We had spent two days around the rig, so it was time to take a drive. We headed up to Raton and then east to Capulin Volcano National Monument.
The views here are awesome! It is worth the drive just for the views. This is looking northwest from an elevation of about 7800 feet.
There is a road that spirals around the volcano to this parking lot on the west side. This is the lower side of the cone. From the lot, you can hike around the rim, and down into the center. This view is looking north.
A shot of the interior core. Its about 150 feet below the lower rim. This is a cinder cone volcano, exactly like those in Mojave National Preserve, except with vegetation and being older. Cinder cone volcanoes are active for only a short period of time.
This view is to the west southwest. You can see another cinder cone is left of center. Those distant mountains maybe old volcanoes, but I really do not know. We are close to 8000 feet now. The rock outcropping in the lower right is the rim edge. It is a dang steep slide down.
Looking to the south is Sierra Grande, the largest shield volcano in the region. Shield volcanoes can be very large. Examples are Mt Kilauea, Stromboli and Etna. Yes, I enjoy volcanoes. Volcanology was a very close second to Meteorology for me.
On the east rim looking west.
You get an idea of the terrain curvature here, besides the pretty flowers.
This view is looking northeast towards the small town of Folsom, which is near center in the picture. Think hard now. Where have you heard about Folsom?
Another view of Sierra Grande, but with added features. See the dark raised relief or edging near picture center that trails off the left and right? Those are pressure ridges caused by cooling lava flows that have been lifted by hot lava from beneath.
Jumbled igneous rock as you lower into the core.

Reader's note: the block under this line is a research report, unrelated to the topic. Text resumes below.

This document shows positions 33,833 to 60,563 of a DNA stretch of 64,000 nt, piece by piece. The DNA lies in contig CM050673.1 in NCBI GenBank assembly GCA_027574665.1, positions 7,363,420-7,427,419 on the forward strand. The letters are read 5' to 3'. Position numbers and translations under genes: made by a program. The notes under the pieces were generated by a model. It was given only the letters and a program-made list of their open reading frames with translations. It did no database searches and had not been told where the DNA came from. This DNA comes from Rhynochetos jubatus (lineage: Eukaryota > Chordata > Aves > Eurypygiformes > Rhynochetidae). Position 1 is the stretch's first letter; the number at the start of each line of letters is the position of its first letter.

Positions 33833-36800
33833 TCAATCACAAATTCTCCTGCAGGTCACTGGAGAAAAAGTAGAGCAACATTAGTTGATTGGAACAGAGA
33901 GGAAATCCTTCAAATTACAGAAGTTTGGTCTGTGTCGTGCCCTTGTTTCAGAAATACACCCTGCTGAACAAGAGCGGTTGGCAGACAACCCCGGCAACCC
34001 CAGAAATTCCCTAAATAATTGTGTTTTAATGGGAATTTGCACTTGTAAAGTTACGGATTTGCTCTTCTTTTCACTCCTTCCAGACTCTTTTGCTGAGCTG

A view of the circular rim from the core, looking up.
Another shot of the rim. This is déjà vu. This is similar to the inside of a large eyewall inside a hurricane. Except the aircraft is in a 30-40 degree bank and the eye is 8-20 miles across. If most pronounced, it is called stadium effect.
This is a shot to the north again, mainly to document the nearly stationary cloud structure in the center and upper portions of the image.
Ok, have you figured out the Folsom reference? Folsom Points were discovered here at the Folsom Site by George McJunkin, an ex-slave after a flash flood that nearly wiped out the town in 1908. He was riding to check damage after the flood and discovered the bones, embedded with points. He was a self-taught naturalist who shocked the archeology world with the discovery. An interesting side note about the flood…the town telephone operator saved many from the flood by forewarning them, losing her life in the process. So now you know about Folsom.
Here is Capulin viewed from the north. Capulin is Spanish for choke cherry. The volcano was also a landmark for the Santa Fe Trail.
From a greater distance. I REALLY appreciate the forethought of interested people and government officials to protect this impressive landmark in the late 1800s and early 1900s.
Our stationary cloud. Altostratus lenticularis.
On the Johnson Plateau along Highway 72 to Raton.
Most of the pit water holes in the area are dry.
A scruffy mule deer. Nothing like the 300 pound monster whitetails in Iowa!